For online publication visit: www.dvidshub.net keyword: Expeditionary Times

    103rd ESC Staff Writers Spc. Zane Craig zane.craig@iraq.centcom.mil

    Spc. Emily A. Walter emily.walter@iraq.centcom.mil

    Mission Statement: The Expeditionary Times Staff publishes a weekly newspaper with the primary mission of providing command information to all service members, partners, and Families of the 103rd Sustainment Command (Expeditionary) team and a secondary mission of providing a means for units on Joint Base Balad to disseminate command information to their audiences.

    Contact the Expeditionary Times staff at: escpao@iraq.centcom.mil

    Enjoying the ‘fruits’ of deployment Capt. SCott Bauer

    Chaplain 724th engineer Brigade

    For distribution, contact the 103rd ESC PAO at Joint Base Balad, Iraq

    e-mail: escpao@iraq.centcom.mil

    I have literally enjoyed the fruits of this deployment. While I certainly miss my berry patches and garden beds of Northern Wisconsin, I have had a tremendous opportunity to get to know

    the regional flora. Beyond fruitless palms and exotic Asiatic Poplars with their willow like strands of aromatic waxy leaves, I recently got to know subtropical date palms and pomegranates. In late November, another chaplain taught me how to select, peel, and eat the dates from the many trees on Victory Base. On Joint Base Balad, a pomegranate tree grows outside one of my unit’s buildings. The “City of Wonder” Facebook application mentions the pomegranate as being highly symbolic. More than a flavoring of our energy drinks and more famous than for oxidant-rich oddly shaped bottles of expensive juice, the pomegranate has held great symbolism throughout many cultures and specific impor- tance in the Middle East.

    Greek pagan lore blames the pomegranate for winter. After the goddess Persephone had been abducted to the underworld, Fate dictated that for each pomegranate seed Persephone had eaten during her captivity, she would return to Hades for a month every year. The months she is away when the earth loses fertility, we call winter.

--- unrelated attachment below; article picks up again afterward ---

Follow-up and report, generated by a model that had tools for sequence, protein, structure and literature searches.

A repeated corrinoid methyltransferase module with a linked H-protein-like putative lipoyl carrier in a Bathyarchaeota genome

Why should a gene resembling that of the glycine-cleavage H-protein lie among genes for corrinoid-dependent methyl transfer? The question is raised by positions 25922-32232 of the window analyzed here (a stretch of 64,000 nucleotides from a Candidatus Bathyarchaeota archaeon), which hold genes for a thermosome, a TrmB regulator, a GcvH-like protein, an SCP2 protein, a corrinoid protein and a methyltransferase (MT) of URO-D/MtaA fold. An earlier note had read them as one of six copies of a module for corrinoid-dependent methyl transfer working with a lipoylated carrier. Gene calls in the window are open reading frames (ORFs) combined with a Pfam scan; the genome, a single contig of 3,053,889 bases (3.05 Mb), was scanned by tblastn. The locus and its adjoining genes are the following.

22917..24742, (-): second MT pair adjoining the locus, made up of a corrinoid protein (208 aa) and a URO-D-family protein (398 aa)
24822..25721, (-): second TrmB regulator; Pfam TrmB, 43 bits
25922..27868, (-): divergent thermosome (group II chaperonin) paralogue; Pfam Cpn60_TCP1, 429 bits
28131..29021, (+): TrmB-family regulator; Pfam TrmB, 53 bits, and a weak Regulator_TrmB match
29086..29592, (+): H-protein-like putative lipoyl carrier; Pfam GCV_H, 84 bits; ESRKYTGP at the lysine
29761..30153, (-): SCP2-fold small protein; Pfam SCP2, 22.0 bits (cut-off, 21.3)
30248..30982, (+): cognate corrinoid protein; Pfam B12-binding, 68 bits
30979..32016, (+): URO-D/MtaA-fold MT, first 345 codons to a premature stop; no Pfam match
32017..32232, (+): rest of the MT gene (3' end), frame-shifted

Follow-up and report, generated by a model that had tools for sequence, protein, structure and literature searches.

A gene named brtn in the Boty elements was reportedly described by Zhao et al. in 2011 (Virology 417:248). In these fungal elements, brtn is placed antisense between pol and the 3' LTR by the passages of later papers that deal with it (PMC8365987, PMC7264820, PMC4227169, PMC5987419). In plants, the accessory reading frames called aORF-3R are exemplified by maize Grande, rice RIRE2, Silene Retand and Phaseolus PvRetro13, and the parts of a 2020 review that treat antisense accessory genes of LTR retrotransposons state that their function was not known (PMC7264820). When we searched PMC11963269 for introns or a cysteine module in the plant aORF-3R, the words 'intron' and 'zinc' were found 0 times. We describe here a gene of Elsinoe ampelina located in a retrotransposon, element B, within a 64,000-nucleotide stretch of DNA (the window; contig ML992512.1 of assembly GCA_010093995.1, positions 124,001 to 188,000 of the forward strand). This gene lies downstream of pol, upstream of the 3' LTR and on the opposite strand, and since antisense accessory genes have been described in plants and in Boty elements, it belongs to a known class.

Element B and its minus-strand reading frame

A parallel eating of pomegranate seeds has been blamed for even greater hardships than just winter. The forbidden

    fruit of the Garden of Eden (on the west bank of the Tigris River) is often portrayed as an apple in western thought as the Latin words for apple and evil are very similar. Yet, that same Latin genus also refers to the pomegranate. A pome- granate is used in many non-western pictorial representa- tions regarding that account from Genesis.

    Pomegranates have been used and mentioned in many Asian cultures and religions. Remnants of pomegranate rinds have been identified at digs of the most ancient city of Jericho from the Bronze Age levels upward. Pomegranate shapes decorated the temple of Solomon and the high-priest’s vestments. Pomegranates have been a fertility symbol for the Hindu religion and for Chinese culture. Koreans and Japa- nese have cultivated pomegranate varieties for the beauty of its bark. The Qur’an (55:068) lists dates and pomegranates in the abundance of creation.

    Even in the West, pomegranates have more than their fair share of representation. Some of the earliest representa- tions of Jesus also feature pomegranates as decoration and symbolism. The first Anglican Queen, Ann Boleyn, chose a pomegranate to decorate her personal crest. The pome- granate is the main symbol for Grenada in southern Spain, so -- not surprisingly -- Spaniards introduced the pomegranate to Latin America, California, and Arizona. Even the Amer- ican founding father Thomas Jefferson had a pomegranate shrub growing at Monticello.

    No matter what is being served at our DFACs, no matter what fruit is fresh or in season, we have an opportunity to understand, embrace, and perhaps even taste the fruits of our deployments.

    Have you got a story to tell? The 103rd ESC PAO is looking for Soldiers who

    have deployed before for interviews and photographs of Joint Base Balad, COB Adder, COB Taji, COB

    Speicher, and Iraq. If you are interested in submitting a story or photograph of your own,

    please e-mail us at escpao@iraq.centcom.mil.

  • Page 3February 16, 2011 ExpEditionary timEs

    I.G. Contacts

    Joint Base Balad (103rd ESC): DSN 433-2125

    Lt. Col. Jeffrey Schneider (Cmd) Maj. Erik Verhoef (Deputy)

    Master Sgt. Arnett Cooper (NCOIC)

    Adder/Tallil (224 SB): DSN 433-2125

    Speicher (103rd ESC): VOIP 433-2125

    B attlemind, resiliency, combat stress... Terms that have become widely used in today’s Army. The question is, what are they and how do they apply to you as a deployed Soldier? We all go through a rigorous pre-deployment process before

    we get ready to deploy. We make sure that al